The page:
Isolator: also known as the main fuse. This isolates the electricity supply to a property and can only be removed by your electricity supplier.
kV (kilovolt): a measure of volts in increments of 1,000. 1 kV = 1,000 volts. One single bolt of lightning can carry up to 1 billion volts of electricity.
kW (kilowatt): a measure of power. 1kW = 1,000 watts.
kWh (kilowatt-hour): the standard unit of measurement for electricity. 1kWh is 1 kW (1,000 watts) used in one hour.
Live wire: the brown wire that carries the current to appliances at high voltage in a mains electrical appliance.
Looped service: when two neighbouring properties share a single service cable.
Main: an underground cable or overhead line that distributes electricity to more than 1 property.
Main fuse: see isolator.
Meter tails:these are the cables that connect your meter to the main fuse. A qualified electrician can install or upgrade meter tails, but only your electricity supplier can connect it to your meter and the cut-out/ service head.
Meter operator: responsible for installing and maintaining metering and communications equipment.
Meter point administration system: each DNO operates an MPAS which holds information for each MPAN.
MPAN (meter point administration number): a 13-digit code that’s unique for every electric meter. It is also commonly referred to as a supply number or S number.
Multi utility: a property that requires more than one utility e.g. gas, water and electricity.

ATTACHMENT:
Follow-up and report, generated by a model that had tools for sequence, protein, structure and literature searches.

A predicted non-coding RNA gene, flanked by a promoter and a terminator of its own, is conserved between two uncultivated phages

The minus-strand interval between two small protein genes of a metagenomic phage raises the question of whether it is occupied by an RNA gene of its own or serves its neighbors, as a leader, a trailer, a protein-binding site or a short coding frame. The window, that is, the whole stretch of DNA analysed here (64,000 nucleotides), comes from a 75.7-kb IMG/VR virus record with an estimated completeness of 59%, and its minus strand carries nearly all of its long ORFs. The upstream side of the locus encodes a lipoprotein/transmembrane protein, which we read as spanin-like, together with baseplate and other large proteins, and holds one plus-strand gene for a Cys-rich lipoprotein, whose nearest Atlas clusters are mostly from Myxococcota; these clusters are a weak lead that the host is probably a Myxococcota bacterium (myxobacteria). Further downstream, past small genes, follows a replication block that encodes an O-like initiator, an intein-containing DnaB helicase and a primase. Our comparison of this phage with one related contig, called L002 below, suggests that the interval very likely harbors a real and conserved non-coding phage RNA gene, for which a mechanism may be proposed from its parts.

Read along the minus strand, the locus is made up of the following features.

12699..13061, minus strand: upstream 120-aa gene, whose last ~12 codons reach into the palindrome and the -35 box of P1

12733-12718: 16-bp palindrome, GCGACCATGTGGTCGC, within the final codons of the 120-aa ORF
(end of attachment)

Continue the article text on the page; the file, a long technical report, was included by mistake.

One plot domestic new connection: where there is a requirement for gas, electric or water service to be brought into a domestic new build/existing property through the installation of the relevant pipe/cable.
One off domestic service: the property has an existing connection(s) for other services but now requires another.
PAT (portable appliance testing): the inspection and testing of electrical equipment to make sure it’s safe to use.
Power service cable: the incoming power cable from the network that terminates at the cut-out and runs above or below the public highway.
Service cable: the cable which connects a property to the local mains. It will either go underground to the main or will be clipped to your house and go overhead to a pole.
Single phase connection: a single wire that connects a property with a standard amount of energy.
Smart meter: this can communicate directly with your energy supplier so you don’t have to wait in at home for someone to read your meter.
Three phase connection: three phase connections wrapped up in one connection to supply higher demands of power e.g. electric gates and stair lifts.
Transmission network: the network of cables and pylons that transmits higher voltage electricity from power stations to wherever its needed.
Volt (V): the electrical unit of voltage or potential difference.
Watt (W): the unit in which energy consumed by an appliance/lightbulb per second is measured.
Hopefully our “Electricity Jargon Buster” has been useful to you. You can find more helpful information on our utility FAQ page to help answer many of the questions we get from our customers. You can also call and speak to our utility experts about your specific needs and requirements by calling us on 0161 549 8454.